This is the part that matters the most with steam.
Steam is pure water (for the most part), so it isn’t an acid. Still, it can get into your phone.
While pure, it can’t short out the phone, and it can’t corrode the copper.
Steam should be fine, right?
Unfortunately, it’s possible (and actually likely) that your phone’s insides have soluble substances somewhere.
These are metals, minerals, and other things that can get into the circuitry over time.
In many cases, these substances are left over from manufacturing.
The issue is that steam can get into the phone. Once there, it cools off and condenses.
It can then dissolve the residues already inside the phone.
Some of them are conductive and create shorts.
Others become acidic when dissolved in water.
Now, the steam is an agent of corrosion for the metals in your phone. In all of these ways, steam can end your phone.
How Does Steam Get Into a Phone?
Obviously, you need to keep steam out of your phone if it can cause all of these problems.
How do you do that?
It helps to know how steam gets in there in the first place.
With older phones, it’s easy to see how steam could find its way to the circuits.
Every phone has plugs and speakers, and in older models, those constitute deliberate holes in the phone’s casing and design.
Of course, steam could slip through these holes and get to the inner workings of the phone.
But, most modern phones are waterproof (at least to some degree).
That means that the speaker and charging holes don’t provide direct access to the inner circuitry.
So how does steam get into a waterproof design?
This comes down to the phone’s ingress protection rating and how that works.
An ingress protection rating follows an international standard where products are rigorously tested to see what kinds of things can get through the protective layer(s).
The tests include intense water jets, submersion in water, wind blasting sand, and all kinds of intense scenarios.
Ultimately, the stuff that makes it through the outer layers of protection is used to determine the ingress protection rating.
Most phones have a rating of IP67 or IP68.
With this code, the first number refers to solid particles.
The second number refers to water.
So, most phones are dust-tight.
Virtually no dust gets through the barrier, and that’s important because dust can damage electronics.
For the second number, most phones are safe against full immersion in water up to 1 meter deep and for up to 30 minutes.
If you drop your phone in the sink (or another wet place), it’s probably fine.
At the high end, phones are even safe against high-pressure water.
That means you could accidentally shower with it (or worse), and it will be fine.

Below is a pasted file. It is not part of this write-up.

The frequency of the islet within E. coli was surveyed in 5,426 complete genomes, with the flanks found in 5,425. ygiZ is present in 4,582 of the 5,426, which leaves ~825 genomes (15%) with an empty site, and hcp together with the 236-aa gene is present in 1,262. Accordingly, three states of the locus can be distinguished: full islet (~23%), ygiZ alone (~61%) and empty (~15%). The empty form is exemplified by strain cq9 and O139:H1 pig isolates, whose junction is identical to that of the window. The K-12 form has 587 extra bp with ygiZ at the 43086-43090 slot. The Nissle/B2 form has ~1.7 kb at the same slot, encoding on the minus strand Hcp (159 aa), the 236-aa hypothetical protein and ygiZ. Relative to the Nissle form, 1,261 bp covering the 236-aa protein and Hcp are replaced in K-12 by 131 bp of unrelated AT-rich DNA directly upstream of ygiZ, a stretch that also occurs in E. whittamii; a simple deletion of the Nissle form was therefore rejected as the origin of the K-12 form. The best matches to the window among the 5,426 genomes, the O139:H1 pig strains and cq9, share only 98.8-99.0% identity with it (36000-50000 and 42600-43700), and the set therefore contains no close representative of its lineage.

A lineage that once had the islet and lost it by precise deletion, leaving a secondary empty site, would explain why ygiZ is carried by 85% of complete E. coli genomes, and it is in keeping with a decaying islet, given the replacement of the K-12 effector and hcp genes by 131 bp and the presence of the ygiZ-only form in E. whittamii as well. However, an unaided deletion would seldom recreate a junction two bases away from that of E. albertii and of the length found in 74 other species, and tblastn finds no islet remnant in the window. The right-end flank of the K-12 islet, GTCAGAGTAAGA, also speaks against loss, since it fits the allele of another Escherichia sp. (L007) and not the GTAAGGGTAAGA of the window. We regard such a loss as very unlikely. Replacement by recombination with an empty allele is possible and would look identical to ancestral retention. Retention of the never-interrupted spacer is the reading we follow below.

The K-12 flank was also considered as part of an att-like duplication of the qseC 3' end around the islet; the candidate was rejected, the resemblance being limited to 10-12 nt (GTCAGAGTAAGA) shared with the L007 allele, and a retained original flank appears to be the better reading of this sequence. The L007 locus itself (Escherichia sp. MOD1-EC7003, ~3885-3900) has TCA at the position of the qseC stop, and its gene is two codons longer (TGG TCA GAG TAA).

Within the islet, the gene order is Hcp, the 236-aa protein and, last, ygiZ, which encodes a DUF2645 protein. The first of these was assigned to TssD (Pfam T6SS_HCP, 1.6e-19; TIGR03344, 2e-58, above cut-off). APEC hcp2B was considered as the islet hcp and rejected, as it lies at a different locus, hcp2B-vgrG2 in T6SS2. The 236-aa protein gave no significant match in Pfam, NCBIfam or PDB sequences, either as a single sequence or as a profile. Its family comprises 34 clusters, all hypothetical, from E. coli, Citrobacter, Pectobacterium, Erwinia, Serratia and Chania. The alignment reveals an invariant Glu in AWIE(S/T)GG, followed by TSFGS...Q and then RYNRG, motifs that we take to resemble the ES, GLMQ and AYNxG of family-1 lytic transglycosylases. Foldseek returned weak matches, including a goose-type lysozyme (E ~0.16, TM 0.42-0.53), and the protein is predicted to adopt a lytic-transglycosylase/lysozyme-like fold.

You’ll find that phones rarely earn a rating of IP69.
The 9 would denote that a phone is safe from steam.
Here’s why steam is so tricky.
Essentially, it’s a smaller type of water.
That sounds weird, especially because all water molecules are the same size.
But, water likes to stick to itself. When it does, molecules cling together to form globs of water.
The size of those globs determines how ‘big’ the water is.
Steam is not very sticky (at the molecular level), so it forms the smallest globs of water you can find.
The seals on a device rated at IP68 don’t have to be nearly as tight as the seals on an IP69 device.
The IP68 rating defends great against normal sizes of collected water.
It’s specifically steam that creates small enough combined water particles that they can slip through even good seals.
Even though an IP68 rating is impressive in how it protects against water, steam can and will get through the seals.
Why Doesn’t Steam Always Break a Phone?
The seals on most phones are very good.
The fact that you can drop your phone in a fish tank without killing it says a lot.
So, even with steam, it’s not like your phone is leaving the front door wide open.
Instead, small amounts of steam can get through the seals over time.
Typically, leaving your phone in a steam bathroom for a single shower doesn’t cause a problem.
It’s the cumulative buildup of moisture over many showers that shortens the phone’s life.
Eventually, enough steam gets through to acidify enough to start harming the phone.
Conversely, it could eventually dissolve enough conductive material to cause shorts, or the water can become pervasive enough to start oxidizing things that you don’t want to be oxidized.
Regardless, steam exposure generally shortens the life of a phone, but it’s rare for a single shower to outright kill the phone.